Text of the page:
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tampax

YAML, extended to support inline variables.

NPM Version XO code style build status

Replacing strings is now as simple as fill a hole.

Template string, files, and even YAML.

Introduction

I love YAML. In many ways. But sometimes, we need "just a little bit more". Tampax is the more, by providing a way to parse recursively the internal structure of YAML to use variables inside of it.

If you don't know how YAML works, you can read this introduction to YAML.

Installation

npm install tampax --save

Example

Using YAML variables

This example show how you can use both object-related variables included in your YAML structure and give an object to feed your object. This is optional to give an object to this function.

const tampax = require('../index.js');

const yamlString = `
dude:
  name: Arthur
weapon:
  favorite: Excalibur
  useless: knife
sentence: "{{dude.name}} use {{weapon.favorite}}. The goal is {{goal}}."`;

tampax.yamlParseString(yamlString, {goal: 'to kill Mordred'}, (err, data) => {
  if (err) {
     throw err;
  }

  console.log(data);
  /* => { dude: { name: 'Arthur' },
  weapon: { favorite: 'Excalibur', useless: 'knife' },
  sentence: 'Arthur use Excalibur. The goal is to kill Mordred.' }
  */
});

Templating string without YAML

There is 2 ways to do this.

First, by passing an object with the equivalent name :

let tampax = require("tampax")
let result

// Format using an object hash with keys matching [0-9a-zA-Z.]+

result = tampax("Hello {{name}}, you have {{count}} unread messages", {
    name: "Robert",
    count: 12
})
console.log(result);
// result -> "Hello Robert, you have 12 unread messages"

Or by using an old-fashion-way to do, by passing an array, and using numbers.

// Format using a number indexed array

result = tampax("Hello {{0}}, you have {{1}} unread messages", ["Robert", 12])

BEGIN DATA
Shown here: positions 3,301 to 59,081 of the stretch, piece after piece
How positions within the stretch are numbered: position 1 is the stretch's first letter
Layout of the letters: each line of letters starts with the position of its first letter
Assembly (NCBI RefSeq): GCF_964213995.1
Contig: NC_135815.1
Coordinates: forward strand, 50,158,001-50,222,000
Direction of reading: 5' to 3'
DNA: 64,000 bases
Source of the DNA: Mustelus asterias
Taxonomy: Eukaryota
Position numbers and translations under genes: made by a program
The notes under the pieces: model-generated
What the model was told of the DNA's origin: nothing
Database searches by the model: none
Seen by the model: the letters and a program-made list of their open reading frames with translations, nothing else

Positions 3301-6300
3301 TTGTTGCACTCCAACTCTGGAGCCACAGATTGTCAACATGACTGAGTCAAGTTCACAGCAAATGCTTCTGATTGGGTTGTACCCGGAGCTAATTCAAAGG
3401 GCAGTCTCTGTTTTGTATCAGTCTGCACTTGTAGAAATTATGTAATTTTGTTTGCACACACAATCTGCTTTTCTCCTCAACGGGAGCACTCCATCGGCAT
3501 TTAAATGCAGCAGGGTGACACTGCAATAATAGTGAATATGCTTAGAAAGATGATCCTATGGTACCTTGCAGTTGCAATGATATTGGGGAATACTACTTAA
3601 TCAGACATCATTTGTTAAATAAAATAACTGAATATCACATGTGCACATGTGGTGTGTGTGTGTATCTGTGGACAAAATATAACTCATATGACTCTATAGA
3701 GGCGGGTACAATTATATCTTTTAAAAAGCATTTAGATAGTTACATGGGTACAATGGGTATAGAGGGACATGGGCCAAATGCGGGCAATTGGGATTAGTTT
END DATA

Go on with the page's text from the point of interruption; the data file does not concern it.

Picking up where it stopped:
console.log(result);
// result -> "Hello Robert, you have 12 unread messages"

Doc

tampax(string, args)

find all occurences of {{mystring}} in the string, and replace it.

  • string required {YAML string} A YAML string to parse.
  • args required {Object|Array} Variables to find. If an array is given, you need to use numbers instead of words.
  • return {string} Return a string with everything replaced.

tampax.yamlParseString(string[, args, opts], callback)

Find all occurences of {{mystring}}, and a correspondance in the YAML file itself, and the optional args parameter.

  • string required {YAML string} A YAML string to parse.
  • args optional {Object|Array} Variables to find. If an array is given, you need to use numbers instead of words.
  • opts optional {Object} Options to call to yaml.safeLoad().
  • callback {function}
    • err {string} Error and why.
    • data {Object} Return an object with everything replaced.

tampax.yamlParseFile(string[, args, opts], callback)

Same as tampax.yamlParseString(), but take a file instead of a string.

  • string required {string} A File to parse.
  • args optional {Object|Array} Variables to find. If an array is given, you need to use numbers instead of words.
  • opts optional {Object} Options to call to yaml.safeLoad().
  • callback {function}
    • err {string} Error and why.
    • data {Object} Return an object with everything replaced.

Escaping

Escape {{}} pairs by using triple {{}}}

var text = tampax("{{{0}}}")
// text -> "{{0}}"

Related projects

Licence

CC-BY-NC-SA-4.0

Arthur Lacoste

About

πŸ’Š Replacing strings is now as simple as fill a hole.

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